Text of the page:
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Tewksbury, Pepperell among towns to receive Complete Streets funding

Gov. Charlie Baker, joined by Lt. Gov. Karyn Polito at a budget-signing event on Thursday, July 28, 2022 took aim at Judiciary Committee Co-chairs Rep. Michael Day of Stoneham and Sen. Jamie Eldridge of Acton, calling their response to survivors who advocated for the administration’s dangerousness bill “harsh, cold and callous.” CHRIS LISINSKI/SHNS
Gov. Charlie Baker, joined by Lt. Gov. Karyn Polito at a budget-signing event on Thursday, July 28, 2022 took aim at Judiciary Committee Co-chairs Rep. Michael Day of Stoneham and Sen. Jamie Eldridge of Acton, calling their response to survivors who advocated for the administration’s dangerousness bill “harsh, cold and callous.” CHRIS LISINSKI/SHNS
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BOSTON — Tewksbury and Pepperell are among 16 communities across the commonwealth set to receive a total of $5.54 million in state funding for transportation infrastructure.

On Thursday, the administration of Gov. Charlie Baker announced the award, which is part of the fiscal 2023 first round of grants for the Complete Streets Funding Program that will promote infrastructure projects for bicyclists, pedestrians and others using public and private transportation.

The Complete Streets Funding Program aims to support municipalities in establishing safe and reliable transportation structures for all residents and teach communities how to incorporate specific safety measures. The program is administered by the Massachusetts Department of Transportation.

Tewksbury and Pepperell will each receive $400,000 for their respective infrastructure plans.

In Tewksbury, the grant funding will go toward filling pedestrian network gaps between Andover Street and Fiske Street.

Officials in Pepperell aim to add crosswalks, sidewalks and “rectangular rapid flashing beacons,” according to a press release. The town will also make improvements to the shape of the roundabout at routes 111 and 113.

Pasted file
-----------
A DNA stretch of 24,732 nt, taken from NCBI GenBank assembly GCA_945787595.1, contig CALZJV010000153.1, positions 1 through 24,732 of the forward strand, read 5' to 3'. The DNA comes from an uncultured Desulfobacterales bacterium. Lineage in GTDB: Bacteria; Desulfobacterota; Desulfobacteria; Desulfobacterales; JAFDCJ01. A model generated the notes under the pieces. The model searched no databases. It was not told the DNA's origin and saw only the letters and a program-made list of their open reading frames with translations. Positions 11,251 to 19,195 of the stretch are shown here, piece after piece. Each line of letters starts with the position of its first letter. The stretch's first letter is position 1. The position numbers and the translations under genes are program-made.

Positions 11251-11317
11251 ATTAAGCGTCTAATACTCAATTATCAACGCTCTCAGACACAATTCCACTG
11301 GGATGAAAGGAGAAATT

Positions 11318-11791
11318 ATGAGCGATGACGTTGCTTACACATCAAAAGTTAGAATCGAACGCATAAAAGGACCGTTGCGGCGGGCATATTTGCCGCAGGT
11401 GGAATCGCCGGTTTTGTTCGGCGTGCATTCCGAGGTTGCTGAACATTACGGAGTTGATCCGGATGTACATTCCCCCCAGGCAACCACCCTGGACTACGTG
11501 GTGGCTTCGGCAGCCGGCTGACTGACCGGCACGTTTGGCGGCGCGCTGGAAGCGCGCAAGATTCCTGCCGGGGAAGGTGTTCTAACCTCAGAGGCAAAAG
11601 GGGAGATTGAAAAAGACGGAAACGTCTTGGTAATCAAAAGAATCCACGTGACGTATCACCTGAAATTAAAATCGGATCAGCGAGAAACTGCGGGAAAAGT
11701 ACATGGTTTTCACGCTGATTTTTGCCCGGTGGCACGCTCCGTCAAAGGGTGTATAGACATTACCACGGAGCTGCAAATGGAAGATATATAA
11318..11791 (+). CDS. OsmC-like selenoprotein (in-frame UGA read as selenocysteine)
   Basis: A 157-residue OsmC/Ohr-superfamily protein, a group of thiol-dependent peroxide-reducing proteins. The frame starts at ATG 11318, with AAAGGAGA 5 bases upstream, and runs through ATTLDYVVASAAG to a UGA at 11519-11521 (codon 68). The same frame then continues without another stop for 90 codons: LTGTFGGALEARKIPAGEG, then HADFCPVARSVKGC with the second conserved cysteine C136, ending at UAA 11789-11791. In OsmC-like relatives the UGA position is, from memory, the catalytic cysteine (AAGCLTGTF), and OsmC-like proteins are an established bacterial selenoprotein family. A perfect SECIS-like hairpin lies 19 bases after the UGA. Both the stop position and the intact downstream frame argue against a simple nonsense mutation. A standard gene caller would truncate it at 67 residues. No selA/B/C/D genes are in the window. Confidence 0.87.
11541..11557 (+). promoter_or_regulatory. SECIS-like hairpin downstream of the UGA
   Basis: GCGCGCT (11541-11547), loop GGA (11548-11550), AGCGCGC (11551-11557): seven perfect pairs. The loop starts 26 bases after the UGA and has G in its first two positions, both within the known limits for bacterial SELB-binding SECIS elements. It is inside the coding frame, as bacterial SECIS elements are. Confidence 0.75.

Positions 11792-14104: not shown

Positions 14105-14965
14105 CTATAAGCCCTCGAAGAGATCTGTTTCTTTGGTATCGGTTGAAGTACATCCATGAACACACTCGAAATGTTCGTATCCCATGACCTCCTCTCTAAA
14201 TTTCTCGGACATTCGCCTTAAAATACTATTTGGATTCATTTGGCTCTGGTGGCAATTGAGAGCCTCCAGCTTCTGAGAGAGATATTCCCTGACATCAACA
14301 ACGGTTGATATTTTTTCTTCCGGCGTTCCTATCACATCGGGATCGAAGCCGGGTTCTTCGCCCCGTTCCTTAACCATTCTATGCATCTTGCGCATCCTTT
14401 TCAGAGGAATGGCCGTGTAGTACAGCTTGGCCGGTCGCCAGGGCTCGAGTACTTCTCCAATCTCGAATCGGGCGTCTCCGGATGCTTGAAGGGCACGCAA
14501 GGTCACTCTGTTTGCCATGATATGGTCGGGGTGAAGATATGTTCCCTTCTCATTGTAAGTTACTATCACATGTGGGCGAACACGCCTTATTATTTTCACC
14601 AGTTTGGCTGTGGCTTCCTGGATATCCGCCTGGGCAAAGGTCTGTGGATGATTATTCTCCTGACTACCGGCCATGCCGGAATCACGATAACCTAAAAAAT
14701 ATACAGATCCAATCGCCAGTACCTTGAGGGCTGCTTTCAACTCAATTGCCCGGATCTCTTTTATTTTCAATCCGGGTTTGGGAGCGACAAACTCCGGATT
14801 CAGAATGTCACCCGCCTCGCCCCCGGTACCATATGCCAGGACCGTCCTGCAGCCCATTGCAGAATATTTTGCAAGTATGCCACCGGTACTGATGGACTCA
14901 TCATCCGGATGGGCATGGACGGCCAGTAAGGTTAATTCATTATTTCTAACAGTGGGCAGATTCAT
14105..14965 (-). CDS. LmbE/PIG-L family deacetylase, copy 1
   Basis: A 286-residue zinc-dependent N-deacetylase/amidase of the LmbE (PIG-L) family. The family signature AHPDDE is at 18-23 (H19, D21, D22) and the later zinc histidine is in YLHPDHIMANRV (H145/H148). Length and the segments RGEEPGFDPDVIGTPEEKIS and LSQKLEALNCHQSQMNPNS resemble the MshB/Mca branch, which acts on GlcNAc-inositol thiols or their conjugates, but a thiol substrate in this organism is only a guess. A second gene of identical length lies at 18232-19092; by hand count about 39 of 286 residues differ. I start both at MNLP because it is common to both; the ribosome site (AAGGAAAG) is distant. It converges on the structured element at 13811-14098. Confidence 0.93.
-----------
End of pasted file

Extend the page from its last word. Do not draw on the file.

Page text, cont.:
Municipalities can apply for up to $400,000 for their construction projects, which can include bicycle lanes, pedestrian signals at crosswalks or intersections, street lighting, sidewalks and “multimodal paths.”

Of the $5.54 million total funding, about 60% will be used in “environmental justice communities,” places where the median household income is no greater than 65% of the statewide median, at least 25% of residents identify as a race other than white and at least 25% of households have no family members older than 14 years old who only speak English or speak the language very well, according to the press release.

The Complete Streets Funding Program launched in 2016 and has since worked alongside 252 municipalities to establish a local Complete Streets policy.

Gov. Baker said he recognizes the positive impact the state program has made over the past six years.

“The Complete Streets Funding Program has now awarded over $83 million in total funding through 444 technical assistance and construction awards since 2016 to support municipalities in their ongoing efforts to improve their transportation infrastructure, build safe, convenient and easily accessible transportation networks and to facilitate economic development opportunities,” Baker said in a statement. “This program continues to advance mobility and connectivity throughout the Commonwealth.”

Lt. Gov. Karyn Polito expressed her support for the funding and said it serves a vital role in communities in Massachusetts.

“Complete Streets are for everyone and provide important opportunities for communities to achieve their unique needs and goals,” Polito said in a statement. “Programs like this support safe connectivity and increased economic activity throughout local neighborhoods and we look forward to seeing this progress in the future.”

Jamey Tesler, transportation secretary and CEO of MassDOT, said residents are in need of critical transportation infrastructure, and Complete Streets addresses that need.

“MassDOT is pleased to continue to work with municipal leaders to encourage the installation of infrastructure to help make for ‘Complete Streets’ everywhere,” Tesler said in a statement. “We want everyone in every city and town in the Commonwealth to have sidewalks, crosswalks, and other features which make it easy and safe to get to where they want to go.”

More information on the Complete Streets Funding Program is available at masscompletestreets.com.

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